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what matters most to subs

What matters most to subs (according to research)

Estimated Reading Time: 5 minutes

With the 2023-2024 school year wrapping up rapidly, it wouldn’t be surprising if the next school year was already on your mind. What better time than summer break to plan ahead and brainstorm new programs to implement to attract and retain high quality substitute teachers? But before you do, we’ve got some fresh research with substitute teachers to help you focus on the right areas. 

Why subs leave the profession

Sub retention is the top challenge for nearly every school pool we’ve encountered. Although substitute teachers enter the profession for a myriad of reasons (wanting to give back to their communities, working with children, gaining teaching experience, etc), research has shown there is one primary theme for why they leave: a lack of appreciation.

But what does that mean? 

There are lots of ways to interpret an overall “lack of appreciation” ranging from first-day onboarding with a new school to pay-rates to general friendliness and support from staff – so what exactly would it take to improve sub retention? 

Some quick facts to get started:

  • 92% of polled subs are proud of their work in the field
  • 81% of subs wished that schools would treat subs better
  • 53% of subs feel disconnected from their school community

No surprise, pay is critical

While long commutes, challenging students, and unmet preferences are among the reasons this group of subs cited for why they left the profession, low pay is, unsurprisingly, by far the largest contributing factor subs attributed to feeling underappreciated.

Our research highlights a direct correlation between low pay and feeling undervalued within the education system. When compensation fails to align with the importance of their role or the level of dedication required, substitutes often experience a sense of disillusionment and demoralization. 

Despite shouldering the same responsibilities and demands as their full-time counterparts, substitute teachers often receive significantly lower wages, which fail to accurately reflect the immensity of their contributions. This financial strain can lead to feelings of undervaluation and frustration, exacerbating the already challenging nature of the job. 

Sub treatment – good communication is key

So when 81% of subs wished that schools would treat subs better and 53% of subs claim they feel disconnected from their school community the next questions are “why” and “what can we do about this?” So we asked subs… the reply? 

  • Get the necessary information in advance (i.e. lesson plans, school rules and regulations, disciplinary requirements, etc)
  • School orientation
  • Understanding the school’s expectations
  • Meeting with the teacher beforehand 
  • Obtaining lesson plans in advance

So while pay may not always be under your control or within your budget, you can positively impact the substitute teacher experience by changing aspects that are within your control, such as the school culture and proper onboarding that makes the sub feel seen, heard, and appreciated. 

Some ideas to consider before the new school year

Provide a welcome guide
Properly equip subs with everything they’ll need for their upcoming assignment, such as fully fleshed out lesson plans. Additionally, go above and beyond and provide new substitute teachers with welcome “swag” bags with useful resources like supplies, snacks, school merchandise, or a comprehensive welcome guide. Little personal touches can make all the difference.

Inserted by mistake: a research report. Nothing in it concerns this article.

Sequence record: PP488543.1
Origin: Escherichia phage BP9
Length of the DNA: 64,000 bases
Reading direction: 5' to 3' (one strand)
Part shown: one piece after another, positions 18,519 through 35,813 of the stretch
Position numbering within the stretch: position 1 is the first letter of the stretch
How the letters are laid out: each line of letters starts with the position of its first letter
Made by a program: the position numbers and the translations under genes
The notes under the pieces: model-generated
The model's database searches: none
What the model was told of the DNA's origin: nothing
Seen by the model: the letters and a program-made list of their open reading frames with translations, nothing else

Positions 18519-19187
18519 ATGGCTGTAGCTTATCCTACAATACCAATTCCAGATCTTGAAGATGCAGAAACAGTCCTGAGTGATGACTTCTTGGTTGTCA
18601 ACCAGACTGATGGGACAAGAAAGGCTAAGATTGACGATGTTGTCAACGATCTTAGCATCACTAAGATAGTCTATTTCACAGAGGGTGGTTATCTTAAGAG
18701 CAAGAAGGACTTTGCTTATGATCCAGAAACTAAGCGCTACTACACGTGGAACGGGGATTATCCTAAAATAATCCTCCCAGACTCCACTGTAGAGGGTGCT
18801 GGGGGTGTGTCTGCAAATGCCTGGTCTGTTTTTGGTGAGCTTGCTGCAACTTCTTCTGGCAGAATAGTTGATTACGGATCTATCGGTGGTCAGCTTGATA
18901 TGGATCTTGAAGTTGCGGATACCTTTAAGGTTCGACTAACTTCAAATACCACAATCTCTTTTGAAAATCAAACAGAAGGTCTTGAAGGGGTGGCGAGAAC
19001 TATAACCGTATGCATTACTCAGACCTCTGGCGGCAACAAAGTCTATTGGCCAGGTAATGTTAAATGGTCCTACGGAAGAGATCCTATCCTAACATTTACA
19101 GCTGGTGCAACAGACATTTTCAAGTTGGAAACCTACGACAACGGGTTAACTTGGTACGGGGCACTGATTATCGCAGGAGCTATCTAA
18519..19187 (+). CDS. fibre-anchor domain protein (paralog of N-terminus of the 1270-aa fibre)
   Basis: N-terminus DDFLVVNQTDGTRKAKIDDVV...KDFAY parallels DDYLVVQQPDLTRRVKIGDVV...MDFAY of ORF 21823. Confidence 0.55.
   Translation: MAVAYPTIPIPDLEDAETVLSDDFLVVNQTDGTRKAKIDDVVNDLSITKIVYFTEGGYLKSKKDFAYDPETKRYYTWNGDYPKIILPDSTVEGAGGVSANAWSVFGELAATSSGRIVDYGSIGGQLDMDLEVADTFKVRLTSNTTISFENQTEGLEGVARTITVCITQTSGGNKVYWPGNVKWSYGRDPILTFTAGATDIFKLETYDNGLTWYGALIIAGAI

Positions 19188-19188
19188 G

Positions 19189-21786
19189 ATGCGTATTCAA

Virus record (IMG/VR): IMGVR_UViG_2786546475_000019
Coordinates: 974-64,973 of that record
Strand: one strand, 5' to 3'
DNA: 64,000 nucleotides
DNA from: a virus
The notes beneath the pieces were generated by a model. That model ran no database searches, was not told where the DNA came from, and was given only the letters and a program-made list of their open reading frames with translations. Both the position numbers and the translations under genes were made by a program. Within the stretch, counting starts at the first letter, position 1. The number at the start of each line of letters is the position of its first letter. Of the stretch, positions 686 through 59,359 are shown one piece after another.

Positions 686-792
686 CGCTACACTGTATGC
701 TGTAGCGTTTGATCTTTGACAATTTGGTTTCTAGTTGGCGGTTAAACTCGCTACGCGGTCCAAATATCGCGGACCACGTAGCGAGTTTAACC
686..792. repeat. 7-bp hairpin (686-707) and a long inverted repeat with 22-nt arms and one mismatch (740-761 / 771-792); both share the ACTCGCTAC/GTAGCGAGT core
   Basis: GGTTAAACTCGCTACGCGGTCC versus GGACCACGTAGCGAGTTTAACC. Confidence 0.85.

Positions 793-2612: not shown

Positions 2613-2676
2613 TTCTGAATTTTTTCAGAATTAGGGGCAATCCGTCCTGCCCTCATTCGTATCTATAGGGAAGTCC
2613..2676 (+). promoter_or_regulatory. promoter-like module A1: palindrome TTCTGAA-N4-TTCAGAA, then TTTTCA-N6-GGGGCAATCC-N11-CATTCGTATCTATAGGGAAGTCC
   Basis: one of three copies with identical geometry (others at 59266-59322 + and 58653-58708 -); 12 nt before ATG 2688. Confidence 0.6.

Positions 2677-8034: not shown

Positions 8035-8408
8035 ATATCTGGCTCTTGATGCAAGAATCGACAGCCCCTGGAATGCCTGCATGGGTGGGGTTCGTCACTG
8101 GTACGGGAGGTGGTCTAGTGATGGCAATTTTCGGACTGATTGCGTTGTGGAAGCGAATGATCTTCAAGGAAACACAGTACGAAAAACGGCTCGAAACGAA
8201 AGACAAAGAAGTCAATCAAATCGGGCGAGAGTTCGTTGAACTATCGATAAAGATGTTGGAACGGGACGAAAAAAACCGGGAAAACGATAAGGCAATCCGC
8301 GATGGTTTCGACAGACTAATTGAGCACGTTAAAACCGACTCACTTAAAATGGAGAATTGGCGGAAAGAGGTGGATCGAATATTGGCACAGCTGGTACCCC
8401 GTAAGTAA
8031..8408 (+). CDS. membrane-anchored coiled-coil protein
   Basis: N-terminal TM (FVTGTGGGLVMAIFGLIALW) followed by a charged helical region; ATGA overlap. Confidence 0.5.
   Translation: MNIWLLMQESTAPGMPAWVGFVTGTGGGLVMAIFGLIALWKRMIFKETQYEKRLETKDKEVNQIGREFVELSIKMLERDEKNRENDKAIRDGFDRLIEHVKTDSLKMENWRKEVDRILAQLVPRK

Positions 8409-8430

Assign a dedicated helper
Ensure that each sub is assigned a point person for the duration of their assignment. Someone who will greet them at the door and provide them with any necessary information for the day such as where to store their lunch, how to access facilities, where to find their classroom, emergency protocols, etc. 

Establish A+ communication
A few days before the start of the assignment (or the day before for a last minute request), reach out to the sub and let them know how excited you are to have them at your school. Establishing a connection early on informs the sub that they are valued, likely increasing the probability that they show up to the assignment. Additionally, at the end of the assignment, be sure to encourage subs to leave feedback and communicate any concerns or issues they encountered during their assignment. As a result, subs will feel like their voice matters, while simultaneously allowing schools to constantly improve.

Offer professional development
Show substitutes that you care and are invested in their success by offering professional development opportunities. For example, try offering mentorship programs or workshops to provide guidance on classroom management techniques and strategies for handling difficult students. For a long term sub, include them in professional development opportunities geared toward your full time teachers. 

Be inclusive
Swing Sub Paul T explained that a substitute will know straight away whether or not they feel like they belong at the school, so be sure to make a great first impression. In order to be considered a great school to substitute teach, treat your subs with respect. On his most recent assignment, Paul explained that the staff included him in their bowling social. He said, “They showed me that they appreciate me and want me a part of their community.”

By implementing these measures and programs, schools can create a more positive and supportive environment for substitute teachers, ultimately enhancing the quality of education for students and promoting greater retention within the profession.

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Case Study

Cajon Valley USD

How Cajon Valley USD created a winning professional development program